A Growing Faith
by John C. Westervelt
If you had a childhood friend who is still a friend, you must feel blessed. As a child, I met Jesus in Sunday school at Wesley Methodist Church in Oklahoma City. A seed of faith was planted in virgin soil.
During the Great Depression of the 1930s, Wesley cut back to a preacher, a secretary, and a janitor. All other jobs were in the hands of volunteers.
I had just started high school during World War II when Rev Nuell Crain, his wife Catherine, and two little girls on tricycles appeared on the parsonage grounds next door to the church. Right away, Rev Crain asked the youth sponsors to encourage the youth to attend MYF (Methodist Youth Fellowship) on Sunday evenings.
I remember riding with Rev Crain and a car full of youth across town to a district MYF meeting. On the way we sang “I am climbing Jacob’s ladder.” In time, Nuell hired Grace Garten as Youth Director. My faith grew with the preaching of Rev Crain and the teaching of Grace Garten. Nuell and Grace remained my close friends until their deaths.
My faith continued to grow during the following sixty years in church and Sunday school and for eight of those years in an Asbury Small Group. Throughout each day, I offer a sentence prayer, “Grow my Faith, Hope, and Patience,” for I need a larger measure of faith. I am grateful that Jesus was my boyhood friend and that our friendship has grown throughout the years.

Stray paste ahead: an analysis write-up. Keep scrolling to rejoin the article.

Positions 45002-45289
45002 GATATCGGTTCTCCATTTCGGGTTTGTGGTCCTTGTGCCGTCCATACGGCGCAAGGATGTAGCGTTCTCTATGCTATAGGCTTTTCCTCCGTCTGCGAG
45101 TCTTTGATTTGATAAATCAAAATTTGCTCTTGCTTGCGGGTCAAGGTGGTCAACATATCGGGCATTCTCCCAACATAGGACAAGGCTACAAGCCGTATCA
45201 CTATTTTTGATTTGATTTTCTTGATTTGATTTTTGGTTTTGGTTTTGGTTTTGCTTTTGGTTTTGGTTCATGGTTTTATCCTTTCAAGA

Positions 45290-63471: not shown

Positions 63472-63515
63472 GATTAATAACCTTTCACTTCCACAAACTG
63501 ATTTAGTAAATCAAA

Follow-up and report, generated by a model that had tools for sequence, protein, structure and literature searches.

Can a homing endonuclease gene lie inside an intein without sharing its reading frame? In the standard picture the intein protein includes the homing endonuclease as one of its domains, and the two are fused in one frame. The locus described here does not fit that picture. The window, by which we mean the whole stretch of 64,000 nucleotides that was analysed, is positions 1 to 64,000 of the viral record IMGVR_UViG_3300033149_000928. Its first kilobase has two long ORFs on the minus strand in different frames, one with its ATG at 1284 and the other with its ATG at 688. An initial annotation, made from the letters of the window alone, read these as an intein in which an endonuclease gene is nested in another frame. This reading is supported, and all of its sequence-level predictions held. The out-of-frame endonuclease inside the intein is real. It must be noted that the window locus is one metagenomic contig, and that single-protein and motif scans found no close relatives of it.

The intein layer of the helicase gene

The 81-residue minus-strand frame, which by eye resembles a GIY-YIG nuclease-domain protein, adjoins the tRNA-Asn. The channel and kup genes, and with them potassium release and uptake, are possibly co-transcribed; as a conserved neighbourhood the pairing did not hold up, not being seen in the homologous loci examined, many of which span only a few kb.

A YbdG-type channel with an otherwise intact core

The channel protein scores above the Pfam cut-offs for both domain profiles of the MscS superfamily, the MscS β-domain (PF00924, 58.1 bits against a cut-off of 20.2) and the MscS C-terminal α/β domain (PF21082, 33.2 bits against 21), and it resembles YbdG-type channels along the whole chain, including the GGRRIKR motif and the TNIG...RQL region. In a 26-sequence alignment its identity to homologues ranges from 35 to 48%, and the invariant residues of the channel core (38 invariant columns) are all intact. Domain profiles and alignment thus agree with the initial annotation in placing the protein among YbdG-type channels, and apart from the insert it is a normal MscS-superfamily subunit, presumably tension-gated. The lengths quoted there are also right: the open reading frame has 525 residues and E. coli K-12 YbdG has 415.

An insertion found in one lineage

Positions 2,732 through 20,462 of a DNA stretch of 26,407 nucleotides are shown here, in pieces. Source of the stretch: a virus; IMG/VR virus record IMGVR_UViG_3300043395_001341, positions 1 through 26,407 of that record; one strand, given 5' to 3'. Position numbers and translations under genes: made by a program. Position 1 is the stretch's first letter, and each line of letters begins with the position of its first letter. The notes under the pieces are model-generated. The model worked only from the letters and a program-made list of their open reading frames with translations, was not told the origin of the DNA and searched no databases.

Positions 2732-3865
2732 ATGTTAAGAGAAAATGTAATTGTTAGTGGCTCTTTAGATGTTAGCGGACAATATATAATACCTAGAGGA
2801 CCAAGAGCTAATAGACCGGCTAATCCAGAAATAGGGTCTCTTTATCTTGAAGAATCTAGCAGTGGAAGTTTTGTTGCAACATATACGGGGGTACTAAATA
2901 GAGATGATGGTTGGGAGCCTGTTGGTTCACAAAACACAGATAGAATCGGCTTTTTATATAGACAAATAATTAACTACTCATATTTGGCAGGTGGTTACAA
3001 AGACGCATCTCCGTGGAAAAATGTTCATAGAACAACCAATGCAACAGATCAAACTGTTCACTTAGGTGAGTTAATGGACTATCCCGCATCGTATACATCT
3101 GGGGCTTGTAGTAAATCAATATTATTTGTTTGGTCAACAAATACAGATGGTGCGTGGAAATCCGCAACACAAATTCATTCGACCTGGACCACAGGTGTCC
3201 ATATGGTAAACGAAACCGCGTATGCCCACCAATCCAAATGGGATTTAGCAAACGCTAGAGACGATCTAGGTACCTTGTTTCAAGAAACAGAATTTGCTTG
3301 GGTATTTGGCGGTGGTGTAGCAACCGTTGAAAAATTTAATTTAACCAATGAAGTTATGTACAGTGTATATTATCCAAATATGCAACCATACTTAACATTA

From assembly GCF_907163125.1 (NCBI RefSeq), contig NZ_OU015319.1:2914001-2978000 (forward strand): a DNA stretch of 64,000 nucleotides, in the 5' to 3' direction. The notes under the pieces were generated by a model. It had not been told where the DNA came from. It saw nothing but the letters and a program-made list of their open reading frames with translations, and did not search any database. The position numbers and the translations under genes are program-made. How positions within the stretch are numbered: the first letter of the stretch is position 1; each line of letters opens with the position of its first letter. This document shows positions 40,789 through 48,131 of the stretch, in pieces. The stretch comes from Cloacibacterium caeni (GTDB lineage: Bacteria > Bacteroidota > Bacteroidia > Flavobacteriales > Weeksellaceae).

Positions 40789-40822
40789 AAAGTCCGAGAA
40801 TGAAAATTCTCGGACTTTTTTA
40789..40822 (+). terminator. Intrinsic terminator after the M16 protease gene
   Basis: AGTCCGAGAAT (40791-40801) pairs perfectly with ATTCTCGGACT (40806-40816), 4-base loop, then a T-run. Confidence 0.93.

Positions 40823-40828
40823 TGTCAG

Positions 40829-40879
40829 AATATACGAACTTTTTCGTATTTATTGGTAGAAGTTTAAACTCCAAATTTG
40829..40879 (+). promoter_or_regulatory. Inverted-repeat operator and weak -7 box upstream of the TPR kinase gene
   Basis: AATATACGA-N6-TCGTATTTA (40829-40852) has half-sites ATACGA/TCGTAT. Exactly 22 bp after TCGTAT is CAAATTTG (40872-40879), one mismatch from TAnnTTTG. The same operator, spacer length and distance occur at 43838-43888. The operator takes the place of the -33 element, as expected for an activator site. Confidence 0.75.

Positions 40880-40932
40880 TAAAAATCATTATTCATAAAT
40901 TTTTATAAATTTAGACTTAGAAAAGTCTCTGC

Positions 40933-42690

Every night, propped up in bed, I read two pages from the Gospels. When I turn out the light, I visit with Jesus about what was going on in His life on that day as recorded by the gospel writer. I ask Him to pull up a chair and stay with me until I fall asleep.
Now approaching eighty and a widower, I need more help each year from people and from Jesus. My cleaning lady and yard man have become extensions of my hands to do work I can no longer do. Jesus helps me with my daily decisions.
After retiring, I began volunteering at Asbury’s weekday preschool. While some of my colleagues have moved to retirement homes and a few to nursing homes, I hope to stay in my home and go to Asbury’s preschool each morning to help with the children. Only God knows what the future holds for me.
My hope is that my last spring semester with the Asbury children will be followed by my fall semester in heaven helping in God’s preschool. I would like to love His preschool children, some of whom would have arrived in heaven before their mommy and daddy.
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